Bristol Community Plant Collection

In 2004 Bristol Zoo Gardens identified several changes that we wished to make to our plant collection and our land management practices in response to Global Strategy for Plant Conservation. Most of these have since been implemented, including a wish to raise the profile of our plant collection, plants in general and their importance with our zoo guests and the Bristol community. The Bristol Community Plant Collection is the flag ship for these activities and has just celebrated its 5th anniversary.


It began in 2008, when Gardens Curator, Eddie Mole attended a talk by Mercy Morris from NCCPG/Plant Heritage. During this, she mentioned that no one had national collections of annual plants. Annuals seemed to give an opportunity to introduce a new, more dynamic and GSPC relevant plant collection to the zoo so early in 2009 Eddie proposed the establishment of an annual plant collection and used Calendula as a case study. Quotes from this internal document include: “It would involve engaging with the wider community in order to run the collection, which should lessen our workload, encourage visits and enhance the reputation of the gardens” and We engage with the zoo membership, volunteers and wider community, in a way never before done in the NCCPG. Therefore it has a lot of publicity potential in the horticultural press. If it works we have a model system”.

Unfortunately resources were scarce and we were unable to take the idea further but thanks to BGCI and the initiative, Communities in Nature in 2011, The Bristol Community Plant Collection became a reality



We chose the genus Calendula as many are easy to grow and they are attractive plants for our growers. Some species are more challenging and IUCN red listed, which makes them valuable to our plant collection policy. Growing them as a dispersed collection engages with many more growers and helps to reduce the risks of cross pollination, which is so important with a short lived plant.

In February 2011 we acquired seed of 8 species of Calendula from botanic gardens and looked for groups of people to grow each one. We targeted different areas of Bristol to make sure that we had a good demographic cross section. We also researched propagation methods, pollinations techniques and growing habitats for each species so that we had the necessary expertise to advise as required.


  1. For each school/ group to return the plants to the zoo in September for an internal display.
  2. Seed production to help make the project sustainable (Aichi target 19 & GSPC target 14)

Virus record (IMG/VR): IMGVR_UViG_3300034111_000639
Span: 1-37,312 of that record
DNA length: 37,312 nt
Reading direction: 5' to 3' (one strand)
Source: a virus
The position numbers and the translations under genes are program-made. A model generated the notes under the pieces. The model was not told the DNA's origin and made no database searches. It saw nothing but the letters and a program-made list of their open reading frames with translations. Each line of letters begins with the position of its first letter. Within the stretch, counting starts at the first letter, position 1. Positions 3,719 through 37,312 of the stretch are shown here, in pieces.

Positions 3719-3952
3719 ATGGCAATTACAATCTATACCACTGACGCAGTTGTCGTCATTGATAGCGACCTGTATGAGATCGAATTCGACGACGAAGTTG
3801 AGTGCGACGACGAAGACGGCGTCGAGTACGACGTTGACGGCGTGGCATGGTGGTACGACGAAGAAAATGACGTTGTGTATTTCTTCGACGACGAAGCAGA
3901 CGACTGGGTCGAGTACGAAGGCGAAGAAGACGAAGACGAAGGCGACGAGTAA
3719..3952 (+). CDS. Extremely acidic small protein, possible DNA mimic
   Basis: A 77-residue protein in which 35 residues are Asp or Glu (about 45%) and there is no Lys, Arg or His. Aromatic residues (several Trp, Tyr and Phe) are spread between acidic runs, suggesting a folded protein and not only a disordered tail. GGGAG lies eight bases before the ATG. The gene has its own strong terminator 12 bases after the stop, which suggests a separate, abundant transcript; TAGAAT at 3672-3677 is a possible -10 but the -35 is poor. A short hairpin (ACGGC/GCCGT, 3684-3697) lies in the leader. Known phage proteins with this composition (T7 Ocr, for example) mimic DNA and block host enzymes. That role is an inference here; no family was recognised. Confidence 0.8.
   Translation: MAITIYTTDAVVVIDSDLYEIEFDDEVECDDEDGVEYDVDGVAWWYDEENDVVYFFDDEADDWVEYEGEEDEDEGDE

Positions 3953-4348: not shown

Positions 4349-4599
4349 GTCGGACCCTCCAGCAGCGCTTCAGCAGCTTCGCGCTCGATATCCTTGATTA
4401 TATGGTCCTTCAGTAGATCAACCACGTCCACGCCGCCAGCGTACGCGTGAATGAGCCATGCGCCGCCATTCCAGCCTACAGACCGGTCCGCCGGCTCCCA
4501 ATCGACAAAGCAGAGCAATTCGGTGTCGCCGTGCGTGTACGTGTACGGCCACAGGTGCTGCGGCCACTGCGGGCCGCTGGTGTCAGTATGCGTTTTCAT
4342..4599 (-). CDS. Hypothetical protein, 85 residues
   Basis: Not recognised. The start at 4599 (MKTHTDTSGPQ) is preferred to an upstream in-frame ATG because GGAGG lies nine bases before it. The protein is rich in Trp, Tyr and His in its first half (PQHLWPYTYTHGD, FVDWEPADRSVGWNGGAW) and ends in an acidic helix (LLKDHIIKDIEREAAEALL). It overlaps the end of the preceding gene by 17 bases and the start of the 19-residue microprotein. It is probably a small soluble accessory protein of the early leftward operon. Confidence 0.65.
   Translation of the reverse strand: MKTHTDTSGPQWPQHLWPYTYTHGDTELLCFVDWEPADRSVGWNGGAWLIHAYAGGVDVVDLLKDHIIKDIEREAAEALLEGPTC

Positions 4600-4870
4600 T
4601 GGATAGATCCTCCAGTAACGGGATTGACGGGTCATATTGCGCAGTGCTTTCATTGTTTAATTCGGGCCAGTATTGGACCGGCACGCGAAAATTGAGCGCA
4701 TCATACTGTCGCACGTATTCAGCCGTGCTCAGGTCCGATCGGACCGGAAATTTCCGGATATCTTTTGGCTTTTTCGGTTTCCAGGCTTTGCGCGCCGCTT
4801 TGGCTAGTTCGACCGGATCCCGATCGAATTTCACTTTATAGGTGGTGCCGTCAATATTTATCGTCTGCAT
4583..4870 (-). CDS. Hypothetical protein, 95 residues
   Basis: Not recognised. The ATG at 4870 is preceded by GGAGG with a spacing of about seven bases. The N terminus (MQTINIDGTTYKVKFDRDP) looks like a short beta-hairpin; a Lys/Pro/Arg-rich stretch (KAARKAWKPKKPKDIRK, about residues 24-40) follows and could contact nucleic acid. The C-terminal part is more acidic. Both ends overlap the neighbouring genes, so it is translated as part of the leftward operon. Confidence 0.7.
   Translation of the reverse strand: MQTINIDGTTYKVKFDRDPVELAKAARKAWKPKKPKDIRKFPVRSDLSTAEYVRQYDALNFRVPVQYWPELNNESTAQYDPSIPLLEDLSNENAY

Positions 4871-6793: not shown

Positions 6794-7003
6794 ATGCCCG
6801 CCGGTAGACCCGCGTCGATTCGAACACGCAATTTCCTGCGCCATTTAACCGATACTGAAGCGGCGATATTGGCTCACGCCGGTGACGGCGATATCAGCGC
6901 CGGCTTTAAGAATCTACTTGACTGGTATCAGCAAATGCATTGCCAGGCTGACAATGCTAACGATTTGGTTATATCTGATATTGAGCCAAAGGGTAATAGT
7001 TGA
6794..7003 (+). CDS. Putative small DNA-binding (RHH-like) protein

3. Take a survey to show educational learning of horticultural themes.
  4. Engage our local community.
  5. End of year celebration.


Over the last 5 years we have had over 500 participants with age range from 2 years old to 99. Survey results show that participants have gained knowledge, changed perceptions, engaged in communication within the groups. Large amounts of anecdotal evidence showing positive personal impacts from the project. We made over 100 external visits to schools and care homes. We held 12 education sessions with over 300 attending at the zoo to help with pollination and how to make a herbarium specimen. We have a Facebook page so that all groups past and present can ask questions and share advice to each other.

Bristol Zoo gardens has benefited by being part of the local community and engaging with those who have never been to the zoo before. Changing the perception of the work that BZG carries out and allowing staff to learn new skills. Linking with other organisations and also have our work recognised on a local, national and global scale.

During the last 5 years we estimate that we have engaged with over 500 individuals directly, plus their social and peer groups. We have taken our “growers” for an insight of the work done at Kew Gardens and have displayed our plant collection twice in the Plant Heritage tent at Hampton Court Flower Show, winning Silver and Bronze awards in the process. In 2016 we were able to run courses on how to take herbarium specimens in the Bristol Zoological Societies new Conservation and Learning Centre.

Each year has been a new challenge due to fluctuating resources but we now have a pledge of additional funds for the next 3 years for a local firm, Cedar Care Homes so are looking forward to the future with optimism. This is great news for this interesting and innovative project.

Article by :  Matthew Bufton, Eddie Mole, Credit to Emma Moore Collection Coordinator